The non-monarchial states widely were referred as ganas and can be considered as republics, as the group of people who participated in the decision making of these tribes used to represent large group of citizens. The mention of gana comes in Rigveda, Mahabharata (Shanti Parva), Jain text (Ayaramga-Sutta) and in Buddhist text (Avadaana Shataka).

As per Shanti Parva, dialogue between Yudhishthra and Bhisma, when Yudhishthira visited Bhishma after becoming king of Hastinapur, and said, “O the most enlightened one, I wish to hear the course of conduct of ganas” (Shanti Parva, section 107) [गणानाम् वृत्तिमिच्छामि श्रोतुम् मतिमताम् वर।].

As per Avadaana Shataka), when few merchants travelled from central India to Deccan region and asked about the form of government in their region, they replied, “some provinces are under kings while others are ruled by ganas.” [केचिद्देशा गणाधीना केचिदराजाधीना इति।]

One of such ganas was Shakya clan, Vrijji confederacy with Vaishali as capital, to which prince Siddhartha was born, who later founded Buddhism and we know him as Lord Buddha. The other non-monarchial states were Kosala and Kashi, which as per Puranic mentions were initially ruled by monarchs.

Upinder Singh in her book, A History of ancient and early medieval India, points that the ganas had greater vestiges of tribal organization than the monarchies. Some may have simply been more complex political forms of older tribal formations. Others may have been created through the subversion of the monarchial rule. Whatever be the case, but these tribes played major roles in defending the boundaries of vast land from the foreign invasions at varied times. During the campaign of Alexander towards India, there are enough evidence proving the tough combat between the vast army of Alexander and the army of these tribes. Another example comes from the time of Gupta Empire, when Panjab, Rajputana, Malwa, etc. were in the possession of the tribes living under republican or oligarchical institutions. These tribes were part of the vast Gupta empire.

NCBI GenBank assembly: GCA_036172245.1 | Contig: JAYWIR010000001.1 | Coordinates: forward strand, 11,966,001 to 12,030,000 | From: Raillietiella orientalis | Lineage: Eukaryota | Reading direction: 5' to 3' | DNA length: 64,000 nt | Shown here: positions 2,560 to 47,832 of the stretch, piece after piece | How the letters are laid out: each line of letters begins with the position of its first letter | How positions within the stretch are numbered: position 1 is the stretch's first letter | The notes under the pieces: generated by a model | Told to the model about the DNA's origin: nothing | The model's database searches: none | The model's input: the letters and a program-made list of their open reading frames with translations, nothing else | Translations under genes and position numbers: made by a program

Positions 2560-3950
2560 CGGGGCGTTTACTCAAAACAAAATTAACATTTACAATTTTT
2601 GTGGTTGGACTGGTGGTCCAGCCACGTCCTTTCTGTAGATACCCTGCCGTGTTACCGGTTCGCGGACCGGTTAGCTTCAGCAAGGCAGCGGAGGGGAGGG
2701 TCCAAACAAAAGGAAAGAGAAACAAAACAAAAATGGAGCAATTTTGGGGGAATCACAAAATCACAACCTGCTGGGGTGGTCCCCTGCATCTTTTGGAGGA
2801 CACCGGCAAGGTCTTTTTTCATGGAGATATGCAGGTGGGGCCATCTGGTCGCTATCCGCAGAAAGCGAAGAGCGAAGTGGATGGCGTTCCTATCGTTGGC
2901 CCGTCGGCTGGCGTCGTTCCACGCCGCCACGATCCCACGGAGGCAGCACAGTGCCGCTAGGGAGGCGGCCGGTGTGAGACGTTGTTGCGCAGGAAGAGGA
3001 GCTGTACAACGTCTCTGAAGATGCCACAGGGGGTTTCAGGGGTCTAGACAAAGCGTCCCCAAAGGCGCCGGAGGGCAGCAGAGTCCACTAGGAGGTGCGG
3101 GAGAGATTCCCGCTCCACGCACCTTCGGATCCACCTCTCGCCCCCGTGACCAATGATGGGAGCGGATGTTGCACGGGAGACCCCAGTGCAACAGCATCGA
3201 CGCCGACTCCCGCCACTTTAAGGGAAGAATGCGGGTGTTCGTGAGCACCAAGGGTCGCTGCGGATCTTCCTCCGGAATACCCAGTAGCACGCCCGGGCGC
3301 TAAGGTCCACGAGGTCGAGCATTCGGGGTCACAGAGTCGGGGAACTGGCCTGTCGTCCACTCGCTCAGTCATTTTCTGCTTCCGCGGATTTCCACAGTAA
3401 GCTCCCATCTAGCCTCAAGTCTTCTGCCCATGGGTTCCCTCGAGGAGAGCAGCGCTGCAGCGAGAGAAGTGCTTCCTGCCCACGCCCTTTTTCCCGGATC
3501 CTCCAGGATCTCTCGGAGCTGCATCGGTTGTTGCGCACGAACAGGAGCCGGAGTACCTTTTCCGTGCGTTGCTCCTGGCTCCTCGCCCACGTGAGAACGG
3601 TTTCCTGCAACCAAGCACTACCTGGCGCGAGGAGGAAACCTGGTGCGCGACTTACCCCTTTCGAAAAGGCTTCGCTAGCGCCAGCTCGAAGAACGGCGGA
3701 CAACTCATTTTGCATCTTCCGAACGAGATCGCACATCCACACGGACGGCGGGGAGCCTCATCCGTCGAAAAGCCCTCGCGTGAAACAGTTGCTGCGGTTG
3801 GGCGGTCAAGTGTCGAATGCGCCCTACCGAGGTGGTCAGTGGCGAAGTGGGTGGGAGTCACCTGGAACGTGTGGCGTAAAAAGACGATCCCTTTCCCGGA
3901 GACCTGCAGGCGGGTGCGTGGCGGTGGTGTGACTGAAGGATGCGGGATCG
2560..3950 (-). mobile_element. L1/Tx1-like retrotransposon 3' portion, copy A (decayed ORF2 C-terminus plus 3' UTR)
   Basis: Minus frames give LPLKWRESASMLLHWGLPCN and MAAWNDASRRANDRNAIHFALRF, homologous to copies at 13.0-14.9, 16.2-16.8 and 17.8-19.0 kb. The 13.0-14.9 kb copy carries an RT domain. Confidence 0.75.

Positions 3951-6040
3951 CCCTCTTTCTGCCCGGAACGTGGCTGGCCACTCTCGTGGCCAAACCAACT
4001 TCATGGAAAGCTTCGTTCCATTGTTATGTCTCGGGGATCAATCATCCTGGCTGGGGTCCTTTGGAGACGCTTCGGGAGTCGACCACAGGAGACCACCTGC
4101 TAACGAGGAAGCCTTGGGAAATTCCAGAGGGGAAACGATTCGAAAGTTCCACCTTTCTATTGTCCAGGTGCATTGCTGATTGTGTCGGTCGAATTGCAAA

Many examples of varied tribes can be cited during the Muslim invasions in 7th and 8th century. These tribes under the leadership of their chieftains gave tough combat to the early Muslim invasions and blocked their campaign towards the mainland. Therefore, it can be derived that the republican tribes weren’t only the representation of citizens but also the extension of cavalry of great empires of Ancient India.

First Draft Committee and Ambedkar

15th August 1947, India was freed from the supremacy of British but the work towards the formation of constitution of free India initiated few months before the actual independence. On one hand when freedom fighters were negotiating the freedom of India with British rulers, another group of people were busy crafting the dream constitution of India.

9th December 1946, the first meeting of constituent assembly held with more than 300 members and Dr. B. R. Ambedkar as the chairman of the drafting committee. It took 2 years, 11 months and 17 days for the committee to draft the first constitution of Free India. The first draft submitted by the committee had 395 articles and 8 schedules which set the beginning of the democratic nation, called India. On 26th January 1950, India became truly independent with the sense that from that day, she had a government of the people, by the people, and for the people.